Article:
Scotland William III 1701 gold Half Pistole

Scotland William III 1701 gold Half Pistole

William II of Scotland (1694-1702), gold Half-Pistole, 1701, issued by the Darien Company, Scottish value of £6, laureate head left, rising sun over a sea below, Latin legend and toothed border surrounding, GVLIELMVS . DEI. GRATIA. rev. struck en medaille, crowned quartered shield of arms, crowned W to left, crowned R to right, Latin legend with date and toothed border surrounding, MAG. BRIT. FRA. ET. HIB. REX. 1701. edge grained, weight 3.41g (Burns 2 fig. 1079; S.5677). Toned, with rim nick and edge knock, dig behind bust, otherwise practically very fine, though with a good face, very rare, much rarer than the companion Pistole.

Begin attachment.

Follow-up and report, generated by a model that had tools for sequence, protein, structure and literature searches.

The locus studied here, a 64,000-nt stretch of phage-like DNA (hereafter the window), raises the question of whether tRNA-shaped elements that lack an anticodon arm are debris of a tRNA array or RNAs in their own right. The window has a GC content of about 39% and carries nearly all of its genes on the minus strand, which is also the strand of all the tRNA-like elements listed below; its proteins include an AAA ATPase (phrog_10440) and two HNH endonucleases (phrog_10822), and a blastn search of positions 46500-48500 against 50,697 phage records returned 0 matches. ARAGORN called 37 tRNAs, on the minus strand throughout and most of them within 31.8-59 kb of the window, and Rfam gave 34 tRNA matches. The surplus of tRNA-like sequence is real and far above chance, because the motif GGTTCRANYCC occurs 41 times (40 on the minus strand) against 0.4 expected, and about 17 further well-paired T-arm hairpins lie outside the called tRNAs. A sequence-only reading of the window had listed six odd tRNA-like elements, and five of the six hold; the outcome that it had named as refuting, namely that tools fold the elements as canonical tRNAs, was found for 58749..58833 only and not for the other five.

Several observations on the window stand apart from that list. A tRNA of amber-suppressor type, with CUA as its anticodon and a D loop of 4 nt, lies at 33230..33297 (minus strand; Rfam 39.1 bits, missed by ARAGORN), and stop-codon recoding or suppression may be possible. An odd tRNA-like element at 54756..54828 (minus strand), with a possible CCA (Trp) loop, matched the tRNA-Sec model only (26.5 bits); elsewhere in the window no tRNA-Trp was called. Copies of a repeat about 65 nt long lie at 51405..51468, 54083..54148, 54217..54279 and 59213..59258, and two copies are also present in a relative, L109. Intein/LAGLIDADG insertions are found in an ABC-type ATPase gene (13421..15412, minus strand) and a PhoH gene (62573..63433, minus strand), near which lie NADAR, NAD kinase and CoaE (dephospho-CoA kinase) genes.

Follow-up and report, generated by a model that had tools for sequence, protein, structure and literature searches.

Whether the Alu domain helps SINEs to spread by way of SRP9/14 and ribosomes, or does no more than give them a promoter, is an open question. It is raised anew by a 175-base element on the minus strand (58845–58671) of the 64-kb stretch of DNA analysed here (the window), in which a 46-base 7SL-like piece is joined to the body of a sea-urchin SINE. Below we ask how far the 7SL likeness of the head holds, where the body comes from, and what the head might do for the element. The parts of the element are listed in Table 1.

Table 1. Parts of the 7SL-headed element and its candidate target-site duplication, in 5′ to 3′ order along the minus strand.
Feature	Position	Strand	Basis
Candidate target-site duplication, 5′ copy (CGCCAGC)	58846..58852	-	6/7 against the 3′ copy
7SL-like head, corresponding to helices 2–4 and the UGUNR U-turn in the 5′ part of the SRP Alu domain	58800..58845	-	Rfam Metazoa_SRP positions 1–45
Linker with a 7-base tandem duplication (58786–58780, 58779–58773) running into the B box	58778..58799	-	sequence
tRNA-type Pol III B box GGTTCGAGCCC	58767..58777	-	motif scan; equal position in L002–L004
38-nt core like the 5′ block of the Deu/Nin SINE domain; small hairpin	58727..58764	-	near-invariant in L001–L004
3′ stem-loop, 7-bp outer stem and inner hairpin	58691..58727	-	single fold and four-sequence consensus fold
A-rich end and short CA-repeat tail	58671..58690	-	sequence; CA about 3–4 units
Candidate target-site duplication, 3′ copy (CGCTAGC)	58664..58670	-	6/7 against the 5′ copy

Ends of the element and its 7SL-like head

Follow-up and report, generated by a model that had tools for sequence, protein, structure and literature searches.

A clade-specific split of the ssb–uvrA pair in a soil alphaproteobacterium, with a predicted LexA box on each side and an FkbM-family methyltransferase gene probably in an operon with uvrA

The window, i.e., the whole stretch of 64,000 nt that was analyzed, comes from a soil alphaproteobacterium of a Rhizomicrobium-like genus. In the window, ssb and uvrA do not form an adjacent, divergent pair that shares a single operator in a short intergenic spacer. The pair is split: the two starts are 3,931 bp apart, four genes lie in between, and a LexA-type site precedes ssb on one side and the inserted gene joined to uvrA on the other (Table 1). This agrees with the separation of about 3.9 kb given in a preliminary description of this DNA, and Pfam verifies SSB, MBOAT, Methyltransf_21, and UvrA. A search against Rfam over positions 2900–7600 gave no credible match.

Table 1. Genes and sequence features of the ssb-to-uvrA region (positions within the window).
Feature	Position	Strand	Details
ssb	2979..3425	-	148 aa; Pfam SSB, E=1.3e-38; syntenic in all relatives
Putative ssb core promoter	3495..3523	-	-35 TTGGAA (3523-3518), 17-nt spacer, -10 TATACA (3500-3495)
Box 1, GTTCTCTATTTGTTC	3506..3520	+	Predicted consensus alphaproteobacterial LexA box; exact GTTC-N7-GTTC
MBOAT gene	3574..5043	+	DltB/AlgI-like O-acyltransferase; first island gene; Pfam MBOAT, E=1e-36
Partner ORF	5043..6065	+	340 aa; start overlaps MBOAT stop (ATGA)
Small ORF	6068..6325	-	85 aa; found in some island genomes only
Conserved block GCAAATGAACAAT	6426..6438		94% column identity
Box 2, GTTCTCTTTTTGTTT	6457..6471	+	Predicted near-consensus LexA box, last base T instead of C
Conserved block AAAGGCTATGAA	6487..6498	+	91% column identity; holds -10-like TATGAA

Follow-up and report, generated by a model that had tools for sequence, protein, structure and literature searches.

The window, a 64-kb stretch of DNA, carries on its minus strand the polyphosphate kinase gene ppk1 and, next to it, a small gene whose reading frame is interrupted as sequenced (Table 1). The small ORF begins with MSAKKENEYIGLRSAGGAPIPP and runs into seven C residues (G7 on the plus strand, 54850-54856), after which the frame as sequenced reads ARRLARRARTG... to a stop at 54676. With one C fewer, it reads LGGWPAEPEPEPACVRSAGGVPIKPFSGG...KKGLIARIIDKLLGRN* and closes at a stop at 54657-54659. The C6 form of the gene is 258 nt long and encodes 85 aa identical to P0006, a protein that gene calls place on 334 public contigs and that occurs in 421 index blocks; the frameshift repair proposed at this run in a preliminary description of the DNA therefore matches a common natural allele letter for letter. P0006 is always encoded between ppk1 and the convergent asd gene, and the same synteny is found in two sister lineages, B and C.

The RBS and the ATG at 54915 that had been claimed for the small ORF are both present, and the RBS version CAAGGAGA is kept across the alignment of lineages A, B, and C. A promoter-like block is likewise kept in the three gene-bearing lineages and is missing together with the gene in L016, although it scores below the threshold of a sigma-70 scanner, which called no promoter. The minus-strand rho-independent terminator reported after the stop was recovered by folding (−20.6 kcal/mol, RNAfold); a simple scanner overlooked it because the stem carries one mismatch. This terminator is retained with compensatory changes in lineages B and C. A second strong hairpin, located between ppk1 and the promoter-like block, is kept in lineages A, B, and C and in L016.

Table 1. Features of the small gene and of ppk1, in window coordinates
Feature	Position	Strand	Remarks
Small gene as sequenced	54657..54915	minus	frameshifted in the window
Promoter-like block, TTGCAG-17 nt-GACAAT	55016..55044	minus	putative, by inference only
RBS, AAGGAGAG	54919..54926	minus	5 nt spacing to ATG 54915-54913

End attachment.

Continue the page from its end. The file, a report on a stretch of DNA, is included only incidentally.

The Darien Company, formerly known as the Company of Scotland Trading to Africa and the Indies came into being in 1695 and was an attempt to form a Colony on the Panama Isthmus which was already predominately Spanish territory. Over the next few years three expeditions were sent with over nine fine ships sunk and over two thousand men, women and children never to return. The financial burden was so heavy it paved the way toward the eventual Union of England with Scotland in 1707. Before this, an expedition along the coast of Guinea to trade and raise money had brought back some 70 pounds in weight of unrefined gold dust aboard the "African Merchant" captained by one William Bell. The Privy Council ordered this gold dust to be refined and turned into a coinage, the tools for which were ordered of James Clark of the Scottish Mint on the 6th January 1701. The result was the extremely rare coinage of gold £12 and £6 pieces which honoured and displayed the badge of the Company of a rising sun over a sea. The coinage was supposed to represent a 10% profit for the company as the issue had an intrinsic value 10% below face value, however at least a third of the profit was lost in the refining process. The mintages resulting from this one time consignment of gold into the two denominations were very small compared to other coinage of the time, and represents the last gold currency coins issued in Scotland.



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